When designing any character, you should think about ways in which you can make them more realistic, as people tend to gravitate toward characters with a realistic edge to their personality. If they have a special trait, you want to try and balance that out somehow with other not-special traits or even negative traits, because nobody is special at everything. Even a very super-special character like Superman had kryptonite, a crystal that would make him instantly weak upon exposure, plus a secret identity that he had to construct elaborate lies to hide. If Superman didn’t have those negative aspects he’d be frankly boring and one-dimensional, his character probably wouldn’t have even been a hit back in the day and he would have been likely forgotten. It’s the flaws and inconvenient, annoying things about characters that can sometimes give them a lot of depth and make them far more interesting. These don’t have to be obvious straight away, which leads us to…


You don’t have to literally sit there and write out a 5000 word physical plan or a bunch of fucking flowcharts (I sure don’t), but you should at least in your own head, have some idea of:

  • What do you want your story to tell
  • Where does your story start
  • Where does your story finish
  • How the hell are you gong to get from one end to the other

This doesn’t need to be precise at first, just a general idea is fine, I tend to start very general, and fill in the details later.  In “The Six Days Of Karina” my general overall story arc was:

  • Character is a mega huge aespa fan and wants to try the AI Karina app
  • AI Karina is more sentient than hyped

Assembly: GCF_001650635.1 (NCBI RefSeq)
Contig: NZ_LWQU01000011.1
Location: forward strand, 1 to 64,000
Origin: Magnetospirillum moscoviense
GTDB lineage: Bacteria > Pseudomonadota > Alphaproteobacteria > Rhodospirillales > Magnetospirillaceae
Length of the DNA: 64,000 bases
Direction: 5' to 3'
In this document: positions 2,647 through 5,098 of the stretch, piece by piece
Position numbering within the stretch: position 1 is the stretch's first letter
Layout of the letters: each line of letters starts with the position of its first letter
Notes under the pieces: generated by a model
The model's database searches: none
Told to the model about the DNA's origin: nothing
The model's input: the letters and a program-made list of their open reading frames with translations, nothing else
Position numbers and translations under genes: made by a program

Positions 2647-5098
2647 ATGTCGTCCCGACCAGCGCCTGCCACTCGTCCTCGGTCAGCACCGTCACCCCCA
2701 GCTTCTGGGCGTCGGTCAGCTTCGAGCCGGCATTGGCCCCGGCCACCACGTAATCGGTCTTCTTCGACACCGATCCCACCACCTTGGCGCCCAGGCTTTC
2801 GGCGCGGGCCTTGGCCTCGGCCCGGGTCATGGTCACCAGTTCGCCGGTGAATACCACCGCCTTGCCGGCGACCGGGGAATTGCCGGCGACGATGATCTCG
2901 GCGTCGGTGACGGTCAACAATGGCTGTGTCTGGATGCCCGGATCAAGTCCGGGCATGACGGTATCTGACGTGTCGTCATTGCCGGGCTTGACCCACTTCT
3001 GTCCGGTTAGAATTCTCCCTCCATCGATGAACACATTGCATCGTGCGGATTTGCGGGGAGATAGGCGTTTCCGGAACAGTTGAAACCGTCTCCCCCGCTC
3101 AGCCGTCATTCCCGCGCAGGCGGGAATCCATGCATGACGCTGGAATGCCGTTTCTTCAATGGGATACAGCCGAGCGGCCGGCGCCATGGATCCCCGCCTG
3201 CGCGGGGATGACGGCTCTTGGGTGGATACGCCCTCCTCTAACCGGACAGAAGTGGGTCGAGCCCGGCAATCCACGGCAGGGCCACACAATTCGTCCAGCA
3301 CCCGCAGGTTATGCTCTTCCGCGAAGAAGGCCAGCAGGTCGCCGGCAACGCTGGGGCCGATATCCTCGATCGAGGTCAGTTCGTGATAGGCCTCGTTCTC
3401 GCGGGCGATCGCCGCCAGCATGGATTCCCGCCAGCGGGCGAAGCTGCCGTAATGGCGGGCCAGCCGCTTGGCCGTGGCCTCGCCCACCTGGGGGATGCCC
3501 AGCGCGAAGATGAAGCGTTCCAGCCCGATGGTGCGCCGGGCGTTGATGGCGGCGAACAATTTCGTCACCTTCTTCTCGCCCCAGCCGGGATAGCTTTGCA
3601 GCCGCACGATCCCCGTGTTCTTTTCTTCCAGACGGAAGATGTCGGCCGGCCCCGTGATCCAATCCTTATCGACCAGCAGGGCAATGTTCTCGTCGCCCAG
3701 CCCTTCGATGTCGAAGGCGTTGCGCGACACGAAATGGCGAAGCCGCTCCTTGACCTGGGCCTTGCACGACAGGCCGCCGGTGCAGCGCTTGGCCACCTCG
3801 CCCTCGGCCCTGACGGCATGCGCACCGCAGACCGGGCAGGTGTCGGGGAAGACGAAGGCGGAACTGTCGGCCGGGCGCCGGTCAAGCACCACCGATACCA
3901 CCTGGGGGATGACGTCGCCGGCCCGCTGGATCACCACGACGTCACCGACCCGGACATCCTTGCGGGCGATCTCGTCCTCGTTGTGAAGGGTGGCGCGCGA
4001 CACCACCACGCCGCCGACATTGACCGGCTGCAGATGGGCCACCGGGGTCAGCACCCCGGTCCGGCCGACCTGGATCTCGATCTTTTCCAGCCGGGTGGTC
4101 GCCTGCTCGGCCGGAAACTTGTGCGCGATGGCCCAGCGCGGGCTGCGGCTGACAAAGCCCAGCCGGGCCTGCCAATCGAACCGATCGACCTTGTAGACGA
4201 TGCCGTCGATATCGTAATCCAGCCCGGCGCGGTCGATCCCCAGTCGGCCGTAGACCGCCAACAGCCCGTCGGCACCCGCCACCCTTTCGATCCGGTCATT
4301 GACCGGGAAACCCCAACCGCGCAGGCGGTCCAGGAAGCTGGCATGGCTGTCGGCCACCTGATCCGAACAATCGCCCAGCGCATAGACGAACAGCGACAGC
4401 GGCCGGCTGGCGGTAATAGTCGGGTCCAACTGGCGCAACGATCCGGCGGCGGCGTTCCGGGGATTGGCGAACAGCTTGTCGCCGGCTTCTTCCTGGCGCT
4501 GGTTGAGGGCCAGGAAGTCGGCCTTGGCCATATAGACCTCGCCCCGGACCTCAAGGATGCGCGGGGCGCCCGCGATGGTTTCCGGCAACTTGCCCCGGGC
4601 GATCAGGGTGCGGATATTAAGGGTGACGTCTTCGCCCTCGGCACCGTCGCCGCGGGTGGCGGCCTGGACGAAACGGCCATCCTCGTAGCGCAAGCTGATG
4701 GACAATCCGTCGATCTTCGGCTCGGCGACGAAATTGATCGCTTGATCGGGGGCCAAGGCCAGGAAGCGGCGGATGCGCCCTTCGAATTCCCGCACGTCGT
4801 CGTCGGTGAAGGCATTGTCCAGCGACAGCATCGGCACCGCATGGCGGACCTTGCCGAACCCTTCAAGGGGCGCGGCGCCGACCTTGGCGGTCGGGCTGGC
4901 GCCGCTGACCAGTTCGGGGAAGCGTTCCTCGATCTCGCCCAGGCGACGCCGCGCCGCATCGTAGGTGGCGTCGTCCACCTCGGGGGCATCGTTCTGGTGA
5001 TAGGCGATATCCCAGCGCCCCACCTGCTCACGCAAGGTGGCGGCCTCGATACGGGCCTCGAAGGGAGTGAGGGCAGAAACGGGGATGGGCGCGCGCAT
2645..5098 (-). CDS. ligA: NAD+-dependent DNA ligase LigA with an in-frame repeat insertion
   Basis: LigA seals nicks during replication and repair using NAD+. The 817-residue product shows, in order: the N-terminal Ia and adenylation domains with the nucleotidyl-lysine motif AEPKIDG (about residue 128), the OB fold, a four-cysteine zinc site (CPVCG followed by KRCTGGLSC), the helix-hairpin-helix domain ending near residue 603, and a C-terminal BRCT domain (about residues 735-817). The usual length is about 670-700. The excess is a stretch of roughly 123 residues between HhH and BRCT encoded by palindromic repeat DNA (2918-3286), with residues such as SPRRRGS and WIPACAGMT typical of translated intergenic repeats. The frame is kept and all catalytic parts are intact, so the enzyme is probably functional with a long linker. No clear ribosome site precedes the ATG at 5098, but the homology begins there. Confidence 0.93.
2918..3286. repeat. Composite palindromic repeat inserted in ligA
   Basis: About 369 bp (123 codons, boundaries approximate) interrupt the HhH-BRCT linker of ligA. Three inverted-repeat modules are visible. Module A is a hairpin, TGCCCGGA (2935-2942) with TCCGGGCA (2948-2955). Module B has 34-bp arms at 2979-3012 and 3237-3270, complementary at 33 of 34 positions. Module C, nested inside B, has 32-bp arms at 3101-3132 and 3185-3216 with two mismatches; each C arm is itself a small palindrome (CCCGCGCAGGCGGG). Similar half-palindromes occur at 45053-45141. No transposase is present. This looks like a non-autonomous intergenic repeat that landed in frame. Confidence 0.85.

• Cozy fan/idol relationship turns into psychotic loss-of-control hellride as app acts possessively and tries to exert control over the character’s life
  • Fucked up ending, generalised bad shit, happy Halloween cunts, also subtext about lack of privacy/moral responsibility in k-pop apps (which pre-dated Universe App’s appearance by a couple months – an app which featured overly possessive and creepy AI versions of idols. Yes, Kpopalypse called it once again…)

Then once I had this basic outline in my head, I just started writing and filling in details that fleshed out all the key ideas. How do the two main characters (the fan and the app) start conversing, how are the different tipping points in the story reached, when has it “gone too far” etc.

Characters have arcs too. They interact in various ways, and each character has their own perspective on each other character that they meet or know about. These perspectives may be true or false, or somewhere in the middle, but they are certainly always coloured by the character’s own perspective, their upbringing and past experiences, their age, other cultural factors perhaps or perhaps not, and they may also not remain static, they can change with time as characters find out more about each other or experience story events together. These sort of arcs can drive interest in your story. In a long story these perspectives can change multiple times! In “The Six Days Of Karina” the fan’s perception of the AI moves from “this is cool” to “this is a bit weird” to “this is the enemy”. The AI’s perception of the fan also moves, but differently, from “this is the customer that I will help” to “this is the uncooperative customer that I will control”. You don’t need to go apeshit with this. You don’t need to write a full backstory for each one of the 2561 soldiers who catches a bullet in your war novel. It’s okay to have bit-characters who we don’t get a full picture of, but just remember that anyone close to the center of your story should have some kind of decently fleshed-out reasons for being who they are and where they are at that point in time.



Henry Rollins says it beautifully here, while quoting Hubert Selby Jr. – “You men writers always put your balls in the way of the story, get your fucking cock out of the way of the story. Just tell the story, get your ego out of the way. You guys, when you write you have too much ego. Destroy the ego, tell the truth, the ego is never the truth!”